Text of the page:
H19 could be a potential therapeutic target of anti-aging by controlling inflammation. How the H19 expression is controlled must be understood before it can be manipulated. The regulatory mechanisms of H19 are currently under investigation and review. Unlike coding genes, the H19 locus lacks a promoter region, indicating that a unique mechanism decides its expression level.
CCCTC-Binding Factor (CTCF) Controls H19/IGF2 Locus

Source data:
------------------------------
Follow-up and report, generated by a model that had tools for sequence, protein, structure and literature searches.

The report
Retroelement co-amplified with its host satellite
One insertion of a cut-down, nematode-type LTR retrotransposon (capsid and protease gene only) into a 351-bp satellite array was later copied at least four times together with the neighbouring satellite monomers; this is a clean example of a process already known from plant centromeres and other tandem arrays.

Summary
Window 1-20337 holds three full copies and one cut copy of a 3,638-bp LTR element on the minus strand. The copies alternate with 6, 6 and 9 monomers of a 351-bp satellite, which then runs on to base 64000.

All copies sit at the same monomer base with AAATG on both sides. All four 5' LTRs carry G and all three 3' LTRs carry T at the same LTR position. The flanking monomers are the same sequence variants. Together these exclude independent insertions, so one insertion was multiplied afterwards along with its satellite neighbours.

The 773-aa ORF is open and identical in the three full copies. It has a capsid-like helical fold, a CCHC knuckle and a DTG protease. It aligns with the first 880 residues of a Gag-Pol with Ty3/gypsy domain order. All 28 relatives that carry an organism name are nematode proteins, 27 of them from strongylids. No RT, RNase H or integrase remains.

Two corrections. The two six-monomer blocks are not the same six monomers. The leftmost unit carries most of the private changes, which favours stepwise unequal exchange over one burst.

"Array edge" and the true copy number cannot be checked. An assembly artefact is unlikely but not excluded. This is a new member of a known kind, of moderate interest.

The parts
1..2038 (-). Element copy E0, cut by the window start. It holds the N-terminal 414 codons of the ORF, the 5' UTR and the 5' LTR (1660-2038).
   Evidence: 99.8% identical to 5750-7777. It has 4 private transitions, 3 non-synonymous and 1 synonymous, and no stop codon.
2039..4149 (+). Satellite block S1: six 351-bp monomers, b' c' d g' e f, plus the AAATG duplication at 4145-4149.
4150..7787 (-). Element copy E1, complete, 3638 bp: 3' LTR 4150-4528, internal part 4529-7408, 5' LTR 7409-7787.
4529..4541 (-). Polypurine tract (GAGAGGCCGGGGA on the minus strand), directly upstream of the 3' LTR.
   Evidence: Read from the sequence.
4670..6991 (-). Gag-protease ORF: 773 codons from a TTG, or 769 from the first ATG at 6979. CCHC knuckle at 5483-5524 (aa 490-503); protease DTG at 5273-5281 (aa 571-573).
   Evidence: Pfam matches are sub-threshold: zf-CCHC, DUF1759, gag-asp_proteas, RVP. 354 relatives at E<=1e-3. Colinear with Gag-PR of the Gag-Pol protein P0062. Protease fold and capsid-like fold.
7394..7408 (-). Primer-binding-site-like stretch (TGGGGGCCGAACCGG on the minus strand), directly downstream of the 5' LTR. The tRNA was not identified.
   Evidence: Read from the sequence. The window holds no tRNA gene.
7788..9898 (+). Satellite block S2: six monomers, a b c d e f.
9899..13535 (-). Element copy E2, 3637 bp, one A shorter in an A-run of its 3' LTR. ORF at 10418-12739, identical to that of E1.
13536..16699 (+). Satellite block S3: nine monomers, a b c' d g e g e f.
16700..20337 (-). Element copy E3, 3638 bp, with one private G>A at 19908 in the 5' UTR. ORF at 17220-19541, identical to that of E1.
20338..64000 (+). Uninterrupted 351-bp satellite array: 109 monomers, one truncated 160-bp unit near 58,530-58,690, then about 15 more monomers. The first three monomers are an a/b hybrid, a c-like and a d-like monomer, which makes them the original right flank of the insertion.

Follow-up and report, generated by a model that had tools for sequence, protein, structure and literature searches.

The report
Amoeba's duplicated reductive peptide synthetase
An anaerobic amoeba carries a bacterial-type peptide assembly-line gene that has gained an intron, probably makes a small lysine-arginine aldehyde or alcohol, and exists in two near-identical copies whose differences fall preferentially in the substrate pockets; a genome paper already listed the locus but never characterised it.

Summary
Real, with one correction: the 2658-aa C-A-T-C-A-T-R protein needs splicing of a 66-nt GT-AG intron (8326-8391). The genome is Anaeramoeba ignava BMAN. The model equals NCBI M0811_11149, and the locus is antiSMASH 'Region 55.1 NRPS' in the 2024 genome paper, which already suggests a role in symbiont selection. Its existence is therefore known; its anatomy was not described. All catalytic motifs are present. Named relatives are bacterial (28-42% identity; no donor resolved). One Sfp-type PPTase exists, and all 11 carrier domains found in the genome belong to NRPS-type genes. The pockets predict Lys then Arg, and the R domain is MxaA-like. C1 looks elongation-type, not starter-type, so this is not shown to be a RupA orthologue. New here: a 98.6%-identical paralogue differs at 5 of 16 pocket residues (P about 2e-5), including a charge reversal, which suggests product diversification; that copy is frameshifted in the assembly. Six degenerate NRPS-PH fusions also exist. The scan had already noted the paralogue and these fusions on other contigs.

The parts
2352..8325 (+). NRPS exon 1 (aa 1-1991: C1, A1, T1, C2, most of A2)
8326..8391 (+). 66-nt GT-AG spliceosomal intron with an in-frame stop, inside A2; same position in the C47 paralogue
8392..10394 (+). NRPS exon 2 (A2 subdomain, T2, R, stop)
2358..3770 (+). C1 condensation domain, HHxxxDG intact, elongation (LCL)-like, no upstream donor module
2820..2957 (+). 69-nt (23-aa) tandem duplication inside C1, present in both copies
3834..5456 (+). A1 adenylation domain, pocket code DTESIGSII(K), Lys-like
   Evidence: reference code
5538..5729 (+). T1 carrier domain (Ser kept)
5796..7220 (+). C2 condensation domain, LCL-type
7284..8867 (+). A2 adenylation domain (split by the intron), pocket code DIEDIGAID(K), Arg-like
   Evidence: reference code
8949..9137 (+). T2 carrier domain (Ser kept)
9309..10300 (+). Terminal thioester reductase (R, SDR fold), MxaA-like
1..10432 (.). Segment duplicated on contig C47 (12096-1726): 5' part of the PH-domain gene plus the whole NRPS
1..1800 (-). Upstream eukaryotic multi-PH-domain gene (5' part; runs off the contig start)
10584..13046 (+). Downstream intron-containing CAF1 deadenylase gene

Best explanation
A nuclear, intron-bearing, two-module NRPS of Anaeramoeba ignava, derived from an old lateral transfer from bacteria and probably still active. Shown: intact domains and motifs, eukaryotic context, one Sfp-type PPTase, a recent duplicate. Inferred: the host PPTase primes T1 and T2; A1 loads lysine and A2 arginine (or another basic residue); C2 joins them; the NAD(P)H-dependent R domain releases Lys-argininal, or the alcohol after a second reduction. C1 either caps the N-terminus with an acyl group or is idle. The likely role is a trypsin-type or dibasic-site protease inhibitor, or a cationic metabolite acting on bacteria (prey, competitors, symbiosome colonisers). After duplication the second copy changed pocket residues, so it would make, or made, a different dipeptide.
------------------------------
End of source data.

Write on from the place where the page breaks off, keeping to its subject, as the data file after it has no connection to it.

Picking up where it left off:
Among these binding genes, the polycomb repressive complex 2 subunit (SUZ12) reassures the relationship between PRC2 and H19 expression. Poly (ADP-ribose) polymerase-1 (Parp-1) is involved in transcriptional regulation by modulating the chromatin structure, and H19 is upregulated in Parp-/- ES cells (89). Among the genes introduced into the binding network, mothers against decapentaplegic homolog (SMAD) 2 and SMAD3 are the key downstream regulators of TGF-β signaling. The CTCF-smad complex might function in the organization of chromatin cross-talk and this complex could provide hints regarding smad3 and CTCF binding (90). Small ubiquitin-like modifier (SUMO)3 is included in the network and this indicates that sumoylation, an important post-translational modification, also contributes to changes in the location or binding partner(s) of CTCF. The sumoylation of CTCF occurs near the c-myc P2 promoter (91). Although no direct evidence shows that CTCF bis sumoylated the H19 DMR, hypoxic stress induces desumoylation on CTCF and H19 upregulation (92). In addition, H19 RNA is upregulated under hypoxic stress (93). Sumoylation might act as a positive H19 regulator under hypoxia. The presence of UBE2I and UBC9 indicates that sumoylation on CTCF might proceed through the recruitment of the ubiquitin conjugating enzyme UBE2I (94). The SIN3A/HDAC complex is recruited to NKX3.2, a cartilage repressor, and the binding of CTCF and SIN3A implies the participation of H19 in cartilage development (95). The interaction between RNA polymerase II (POLR2A) and CTCF might explain why H19 is upregulated when CTCF binds to the upstream DMR of H19. The key proteins YBX1 and TAF1 can mediate the RNA polymerase II complex (96).